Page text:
Long before I decided to become a rabbi, I decided to become a playwright and actor. I’ve been lucky. I have been able to chase all of my dreams with some success, and even combine them by spending much of my theater career in Jewish Theater. But how, exactly, do we define Jewish theater?
As with everything else in our culture, there are many different definitions. Some people believe that Jewish theater must be a piece that is written by a Jew, with Jewish characters and reflect the Jewish experience. Others feel that it can be any play that can be seen through a Jewish lens, as long as it is written by a Jewish writer. And some believe that as long as the piece can be seen through a Jewish perspective, it is a piece of Jewish theater.
This leaves a lot of room for debate. Does any play that deals with Nazism and World War II fit into the realm of Jewish theater? Does a play written by a Jew but is an utter and complete condemnation of Judaism fit into Jewish theater? Would a play like The Crucible, written by a Jew (Arthur Miller), but without a single Jewish character, yet a parable for a historical event that deeply affected Jews (the McCarthy blacklist), count as Jewish theater?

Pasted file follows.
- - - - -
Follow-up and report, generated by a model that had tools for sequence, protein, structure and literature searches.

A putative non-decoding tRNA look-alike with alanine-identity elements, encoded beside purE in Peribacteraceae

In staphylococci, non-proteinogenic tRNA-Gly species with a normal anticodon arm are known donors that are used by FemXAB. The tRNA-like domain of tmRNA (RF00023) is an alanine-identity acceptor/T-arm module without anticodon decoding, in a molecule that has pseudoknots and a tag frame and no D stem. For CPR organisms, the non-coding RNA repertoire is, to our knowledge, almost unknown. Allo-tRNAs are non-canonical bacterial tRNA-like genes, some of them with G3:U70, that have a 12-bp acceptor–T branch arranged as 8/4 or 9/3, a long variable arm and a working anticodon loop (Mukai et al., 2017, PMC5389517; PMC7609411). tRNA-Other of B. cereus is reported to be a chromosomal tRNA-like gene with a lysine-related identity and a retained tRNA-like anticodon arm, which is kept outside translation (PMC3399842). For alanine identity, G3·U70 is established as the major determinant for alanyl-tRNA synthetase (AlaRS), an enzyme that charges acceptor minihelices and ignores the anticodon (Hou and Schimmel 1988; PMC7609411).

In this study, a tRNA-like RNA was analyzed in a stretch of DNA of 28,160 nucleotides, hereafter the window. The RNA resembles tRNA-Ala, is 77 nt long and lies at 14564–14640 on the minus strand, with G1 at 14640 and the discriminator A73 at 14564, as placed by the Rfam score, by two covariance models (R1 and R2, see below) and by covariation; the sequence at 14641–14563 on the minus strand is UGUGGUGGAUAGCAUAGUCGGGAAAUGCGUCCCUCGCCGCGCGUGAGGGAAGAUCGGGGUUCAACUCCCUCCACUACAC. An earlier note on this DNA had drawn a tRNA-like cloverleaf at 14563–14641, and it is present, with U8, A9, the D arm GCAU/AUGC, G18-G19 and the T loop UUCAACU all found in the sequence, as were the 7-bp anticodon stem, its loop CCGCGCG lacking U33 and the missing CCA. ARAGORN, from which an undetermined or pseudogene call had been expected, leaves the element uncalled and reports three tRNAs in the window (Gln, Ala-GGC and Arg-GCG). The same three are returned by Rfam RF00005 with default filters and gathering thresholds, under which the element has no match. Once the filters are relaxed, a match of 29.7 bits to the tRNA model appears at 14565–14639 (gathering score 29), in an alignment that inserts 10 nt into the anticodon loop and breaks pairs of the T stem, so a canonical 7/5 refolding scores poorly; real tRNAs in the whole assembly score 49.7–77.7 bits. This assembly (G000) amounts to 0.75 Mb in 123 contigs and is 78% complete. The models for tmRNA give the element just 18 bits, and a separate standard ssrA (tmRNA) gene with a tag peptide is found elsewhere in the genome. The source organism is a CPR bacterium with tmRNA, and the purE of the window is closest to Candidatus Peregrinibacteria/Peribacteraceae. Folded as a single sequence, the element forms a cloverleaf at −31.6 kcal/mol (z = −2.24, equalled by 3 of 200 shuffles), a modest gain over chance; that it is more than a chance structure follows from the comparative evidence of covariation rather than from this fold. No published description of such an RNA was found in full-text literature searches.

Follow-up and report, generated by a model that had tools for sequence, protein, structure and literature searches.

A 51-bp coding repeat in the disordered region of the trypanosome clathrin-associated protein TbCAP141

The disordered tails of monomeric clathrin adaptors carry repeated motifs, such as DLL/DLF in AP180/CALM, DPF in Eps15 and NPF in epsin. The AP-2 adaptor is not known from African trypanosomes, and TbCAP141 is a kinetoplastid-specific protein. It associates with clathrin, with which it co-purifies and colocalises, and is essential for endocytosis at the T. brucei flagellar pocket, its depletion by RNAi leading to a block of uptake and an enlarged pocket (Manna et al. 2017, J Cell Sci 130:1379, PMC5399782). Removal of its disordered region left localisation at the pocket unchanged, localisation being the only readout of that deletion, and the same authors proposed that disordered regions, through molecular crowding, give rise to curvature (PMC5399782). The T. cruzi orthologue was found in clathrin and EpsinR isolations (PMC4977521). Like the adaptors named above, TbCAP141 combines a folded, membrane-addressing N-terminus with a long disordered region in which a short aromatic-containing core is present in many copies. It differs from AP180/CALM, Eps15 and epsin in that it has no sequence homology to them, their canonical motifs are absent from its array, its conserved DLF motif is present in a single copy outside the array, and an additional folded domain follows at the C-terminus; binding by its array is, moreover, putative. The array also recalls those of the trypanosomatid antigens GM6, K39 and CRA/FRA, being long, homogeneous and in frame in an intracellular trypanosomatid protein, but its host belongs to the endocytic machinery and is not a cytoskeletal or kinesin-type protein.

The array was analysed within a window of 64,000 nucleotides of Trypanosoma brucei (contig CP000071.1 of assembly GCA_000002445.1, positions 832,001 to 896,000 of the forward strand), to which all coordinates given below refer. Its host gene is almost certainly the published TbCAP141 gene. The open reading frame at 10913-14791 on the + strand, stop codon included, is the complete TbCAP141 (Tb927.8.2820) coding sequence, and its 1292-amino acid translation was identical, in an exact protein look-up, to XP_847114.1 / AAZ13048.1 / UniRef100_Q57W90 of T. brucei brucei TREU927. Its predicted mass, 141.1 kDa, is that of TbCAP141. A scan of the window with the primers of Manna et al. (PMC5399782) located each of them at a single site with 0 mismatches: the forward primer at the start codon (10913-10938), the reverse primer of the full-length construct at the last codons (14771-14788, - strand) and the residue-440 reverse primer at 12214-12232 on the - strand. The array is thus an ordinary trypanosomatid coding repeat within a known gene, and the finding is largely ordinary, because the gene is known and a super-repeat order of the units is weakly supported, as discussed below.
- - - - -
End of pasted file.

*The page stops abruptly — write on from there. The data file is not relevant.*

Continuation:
This blog will explore all of these questions and also analyze various Jewish plays, TV shows and films. We will also explore various issues that confront Jews and Judaism in the entertainment industry, and how some of these issues and some of these projects also reflect the attitudes of American Jews to Judaism.
I hope you will join me for this journey.